Thursday, December 12, 2013

Enabling session replication in your application

To enable clustering of your web application you must tag it as distributable in the web.xml descriptor. Here's an example:


You can futher configure session replication using the replication-config element in the jboss-web.xmlfile. Here is an example:


The replication-trigger element determines what triggers a session replication (i.e. when is a session is considered dirty and in need of replication). It has 4 options:
  • SET: With this policy, the session is considered dirty only when an attribute is set in the session (i.e., HttpSession.setAttribute() is invoked.) If your application always writes changed values back into the session, this option will be most optimal in terms of performance. The downside of SET is that if an object is retrieved from the session and modified without being written back into the session, the session manager will not know the attribute is dirty and the change to that object may not be replicated.
  • SET_AND_GET: With this policy, any attribute that is get or set will be marked as dirty. If an object is retrieved from the session and modified without being written back into the session, the change to that object will be replicated. The downside of SET_AND_GET is that it can have significant performance implications, since even reading immutable objects from the session (e.g., strings, numbers) will mark the read attributes as needing to be replicated.
  • SET_AND_NON_PRIMITIVE_GET: This policy is similar to the SET_AND_GET policy except that get operationsthat return attribute values with primitive types do not mark the attribute as dirty. Primitive system types (i.e., String, Integer, Long, etc.) are immutable, so there is no reason to mark an attribute with such a type as dirty just because it has been read. If a get operation returns a value of a non-primitive type, the session manager has no simple way to know whether the object is mutable, so it assumes it is an marks the attribute as dirty. This setting avoids the downside of SET while reducing the performance impact of SET_AND_GET. It is the default setting.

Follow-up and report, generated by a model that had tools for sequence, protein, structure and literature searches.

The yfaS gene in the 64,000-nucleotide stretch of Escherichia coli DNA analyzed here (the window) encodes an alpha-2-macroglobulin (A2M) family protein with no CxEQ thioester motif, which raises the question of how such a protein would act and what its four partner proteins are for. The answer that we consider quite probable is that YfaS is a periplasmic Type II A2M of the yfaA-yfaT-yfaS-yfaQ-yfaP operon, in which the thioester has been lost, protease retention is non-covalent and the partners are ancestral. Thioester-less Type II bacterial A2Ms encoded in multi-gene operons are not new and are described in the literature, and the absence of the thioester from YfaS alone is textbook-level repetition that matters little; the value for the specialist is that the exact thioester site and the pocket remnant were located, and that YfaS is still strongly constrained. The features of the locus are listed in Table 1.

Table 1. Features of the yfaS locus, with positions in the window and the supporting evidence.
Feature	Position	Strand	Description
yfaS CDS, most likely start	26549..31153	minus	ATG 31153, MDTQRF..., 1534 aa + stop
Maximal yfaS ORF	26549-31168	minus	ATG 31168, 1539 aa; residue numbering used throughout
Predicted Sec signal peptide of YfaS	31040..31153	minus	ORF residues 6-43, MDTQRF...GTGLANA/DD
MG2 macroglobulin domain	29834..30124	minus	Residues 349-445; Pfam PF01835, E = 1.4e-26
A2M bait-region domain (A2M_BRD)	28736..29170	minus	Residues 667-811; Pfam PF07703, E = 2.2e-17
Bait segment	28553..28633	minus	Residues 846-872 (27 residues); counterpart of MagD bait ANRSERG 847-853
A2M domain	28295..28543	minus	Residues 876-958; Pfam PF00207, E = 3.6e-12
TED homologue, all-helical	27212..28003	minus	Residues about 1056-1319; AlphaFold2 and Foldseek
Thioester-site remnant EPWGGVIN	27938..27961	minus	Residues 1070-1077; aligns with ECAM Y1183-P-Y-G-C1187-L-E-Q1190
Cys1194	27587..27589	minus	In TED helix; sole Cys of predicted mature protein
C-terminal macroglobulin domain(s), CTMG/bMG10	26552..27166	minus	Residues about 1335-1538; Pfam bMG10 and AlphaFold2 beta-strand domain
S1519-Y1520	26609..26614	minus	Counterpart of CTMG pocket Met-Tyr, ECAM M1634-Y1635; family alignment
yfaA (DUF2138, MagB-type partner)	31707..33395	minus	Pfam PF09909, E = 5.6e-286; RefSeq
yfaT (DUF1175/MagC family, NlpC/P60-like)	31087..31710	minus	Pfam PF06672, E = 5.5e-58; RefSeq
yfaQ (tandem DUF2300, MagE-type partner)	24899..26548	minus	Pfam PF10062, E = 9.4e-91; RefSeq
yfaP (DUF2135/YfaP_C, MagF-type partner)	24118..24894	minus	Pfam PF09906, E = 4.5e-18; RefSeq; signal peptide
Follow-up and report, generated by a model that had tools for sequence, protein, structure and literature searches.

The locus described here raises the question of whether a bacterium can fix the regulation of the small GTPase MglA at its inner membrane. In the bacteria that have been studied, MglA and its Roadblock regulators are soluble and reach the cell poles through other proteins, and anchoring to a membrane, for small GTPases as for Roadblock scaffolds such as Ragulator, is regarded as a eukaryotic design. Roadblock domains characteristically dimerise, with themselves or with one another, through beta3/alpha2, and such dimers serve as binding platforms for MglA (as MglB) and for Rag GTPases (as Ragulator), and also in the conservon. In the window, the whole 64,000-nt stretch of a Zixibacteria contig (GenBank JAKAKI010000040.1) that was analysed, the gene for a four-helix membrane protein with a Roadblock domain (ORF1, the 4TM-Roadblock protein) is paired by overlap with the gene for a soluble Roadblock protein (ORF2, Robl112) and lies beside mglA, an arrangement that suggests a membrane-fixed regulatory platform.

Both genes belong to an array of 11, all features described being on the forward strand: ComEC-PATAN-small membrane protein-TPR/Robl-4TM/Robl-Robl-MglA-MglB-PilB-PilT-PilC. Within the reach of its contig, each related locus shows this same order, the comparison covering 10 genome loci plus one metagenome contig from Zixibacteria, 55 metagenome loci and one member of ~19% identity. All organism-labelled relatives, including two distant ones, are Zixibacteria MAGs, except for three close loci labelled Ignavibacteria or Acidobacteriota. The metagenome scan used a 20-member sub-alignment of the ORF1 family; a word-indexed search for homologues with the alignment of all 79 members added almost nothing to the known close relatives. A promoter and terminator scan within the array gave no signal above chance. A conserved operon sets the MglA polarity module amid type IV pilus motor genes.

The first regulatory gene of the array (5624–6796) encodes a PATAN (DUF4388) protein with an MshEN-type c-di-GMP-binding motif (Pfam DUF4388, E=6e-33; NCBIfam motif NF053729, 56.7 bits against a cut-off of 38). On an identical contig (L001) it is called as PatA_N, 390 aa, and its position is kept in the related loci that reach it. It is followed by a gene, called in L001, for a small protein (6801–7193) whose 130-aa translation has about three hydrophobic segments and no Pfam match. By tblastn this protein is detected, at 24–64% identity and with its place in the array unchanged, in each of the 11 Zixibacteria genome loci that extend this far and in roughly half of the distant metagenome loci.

• ACCESS: This option causes the session to be marked as dirty whenever it is accessed. Since a the session is accessed during each HTTP request, it will be replicated with each request. The purpose of ACCESS is to ensure session last-access timestamps are kept in sync around the cluster.. Since with the other replication-trigger options the time stamp may not be updated in other clustering nodes because of no replication, the session in other nodes may expire before the active node if the HTTP request does not retrieve or modify any session attributes. When this option is set, the session timestamps will be synchronized throughout the cluster nodes. Note that use of this option can have a significant performance impact, so use it with caution. With the other replication-trigger options, if a session has gone 80% of its expiration interval without being replicated, as a safeguard its timestamp will be replicated no matter what. So, ACCESS is only useful in special circumstances where the above safeguard is considered inadequate.
The replication-granularity element controls the size of the replication units. The supported values are:
  • ATTRIBUTE: Replication is only for the dirty attributes in the session plus some session data, like the last-accessed timestamp. For sessions that carry large amounts of data, this option can increase replication performance. However, attributes will be separately serialized, so if there are any shared references between objects stored in the attributes, those shared references may be broken on remote nodes. For example, say a Person object stored under key “husband” has a reference to an Address, while another Person object stored under key “wife” has a reference to that same Address object. When the “husband” and “wife” attributes are separately deserialized on the remote nodes, each Person object will now have a reference to its own Address object; the Address object will no longer be shared.
  • SESSION: The entire session object is replicated if any attribute is dirty. The entire session is serialized in one unit, so shared object references are maintained on remote nodes. This is the default setting.
  • FIELD: Replication is only for individual changed data fields inside session attribute objects. Shared object references will be preserved across the cluster. Potentially most performant, but requires changes to your application (this will be discussed later).
The replication-field-batch-mode element indicates whether you want all replication messages associated with a request to be batched into one message. Only applicable if replication-granularity is FIELD. Default is true.
If your sessions are generally small, SESSION is the better policy. If your session is larger and some parts are infrequently accessed, ATTRIBUTE replication will be more effective. If your application has very big data objects in session attributes and only fields in those objects are frequently modified, the FIELD policy would be the best. In the next section, we will discuss exactly how the FIELD level replication works.


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